At 13%, Congressional Approval Rating Matches Record Low
According to a recent Gallup poll, Congressional approval - at just 13% - has reached an all-time low. Records of such widespread disapproval surfaced two other times in Gallup history, and they are not so long ago: December and August of 2010.
Behind the recent rock-bottom ratings is subpar approval from all three party groups. Republicans' and independents' approval of Congress in 2011 has consistently been below 25%, and more often below 20%. After averaging 24% from January through July, Democrats' approval fell sharply in August, to 15%, and has remained lower than that since.
Currently, Republicans' and Democrats' approval of Congress is identical, at 14%, similar to the 13% among independents.
Older Americans are even less favorable toward Congress than the public at large. Eight percent of those 55 and older approved of Congress in October, similar to their single-digit ratings of Congress since July. Approval is not much higher among middle-aged adults, but rises to 21% among those 18 to 34. Young adults have been more supportive of Congress this year than older age groups, similar to their relatively high approval of President Barack Obama. This is consistent with previous Gallup research showing a long-term inverse relationship between congressional approval and age.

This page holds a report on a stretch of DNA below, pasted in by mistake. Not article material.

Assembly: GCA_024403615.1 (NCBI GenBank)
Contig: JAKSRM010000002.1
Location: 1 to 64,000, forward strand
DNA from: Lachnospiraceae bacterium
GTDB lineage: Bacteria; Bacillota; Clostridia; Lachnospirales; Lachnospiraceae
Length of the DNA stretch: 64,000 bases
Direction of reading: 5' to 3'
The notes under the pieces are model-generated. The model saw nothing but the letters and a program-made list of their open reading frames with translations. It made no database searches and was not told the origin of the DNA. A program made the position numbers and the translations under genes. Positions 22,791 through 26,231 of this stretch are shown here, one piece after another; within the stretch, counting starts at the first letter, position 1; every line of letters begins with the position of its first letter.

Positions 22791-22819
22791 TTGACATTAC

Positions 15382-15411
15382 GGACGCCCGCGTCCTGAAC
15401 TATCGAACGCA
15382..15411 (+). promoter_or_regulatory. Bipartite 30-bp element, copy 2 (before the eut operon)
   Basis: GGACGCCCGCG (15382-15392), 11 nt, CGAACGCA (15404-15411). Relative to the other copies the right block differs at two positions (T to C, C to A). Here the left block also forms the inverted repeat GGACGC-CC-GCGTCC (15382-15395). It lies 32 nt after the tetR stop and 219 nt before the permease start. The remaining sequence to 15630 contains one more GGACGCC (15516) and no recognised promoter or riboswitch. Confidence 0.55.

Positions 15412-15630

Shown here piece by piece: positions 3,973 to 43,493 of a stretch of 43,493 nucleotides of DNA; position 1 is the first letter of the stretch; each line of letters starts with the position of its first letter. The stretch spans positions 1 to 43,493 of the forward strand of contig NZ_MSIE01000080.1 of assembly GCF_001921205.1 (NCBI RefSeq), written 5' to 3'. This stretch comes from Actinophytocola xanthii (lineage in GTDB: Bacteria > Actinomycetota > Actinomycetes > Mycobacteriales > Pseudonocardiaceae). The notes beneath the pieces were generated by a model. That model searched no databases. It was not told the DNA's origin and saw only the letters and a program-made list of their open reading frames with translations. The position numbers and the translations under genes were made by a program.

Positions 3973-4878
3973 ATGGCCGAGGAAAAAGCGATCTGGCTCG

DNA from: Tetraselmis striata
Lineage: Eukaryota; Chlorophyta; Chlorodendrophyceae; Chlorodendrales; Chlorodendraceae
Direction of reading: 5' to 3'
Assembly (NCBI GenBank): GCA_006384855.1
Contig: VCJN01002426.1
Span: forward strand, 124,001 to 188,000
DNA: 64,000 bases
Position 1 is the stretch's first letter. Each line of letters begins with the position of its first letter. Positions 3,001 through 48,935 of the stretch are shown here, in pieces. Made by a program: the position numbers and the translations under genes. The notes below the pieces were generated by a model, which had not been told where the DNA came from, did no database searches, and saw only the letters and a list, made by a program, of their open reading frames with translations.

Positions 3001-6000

These age patterns may be even more pronounced today than historically, and could be relevant to congressional race outcomes if they hold through next year's elections, because older Americans are typically more likely to vote.
Thus far in 2011, Congress is on track to register its lowest annual average approval rating for any year since Gallup began measuring congressional approval in 1974. The existing lows are 18% recorded in 1992 (based on one measure that year) and 19% recorded in each of three years: 1979 (based on one measure), 2008 (based on monthly ratings), and 2010 (based on monthly ratings).
If there is any good news here, it is that the majority Americans are not happy with the filibustering and hostage-taking ridiculousness in Congress. Hopefully, as Gallup suggested, poll results will reflect dissatisfaction and officials who better represent their constituents will take charge to create vital change.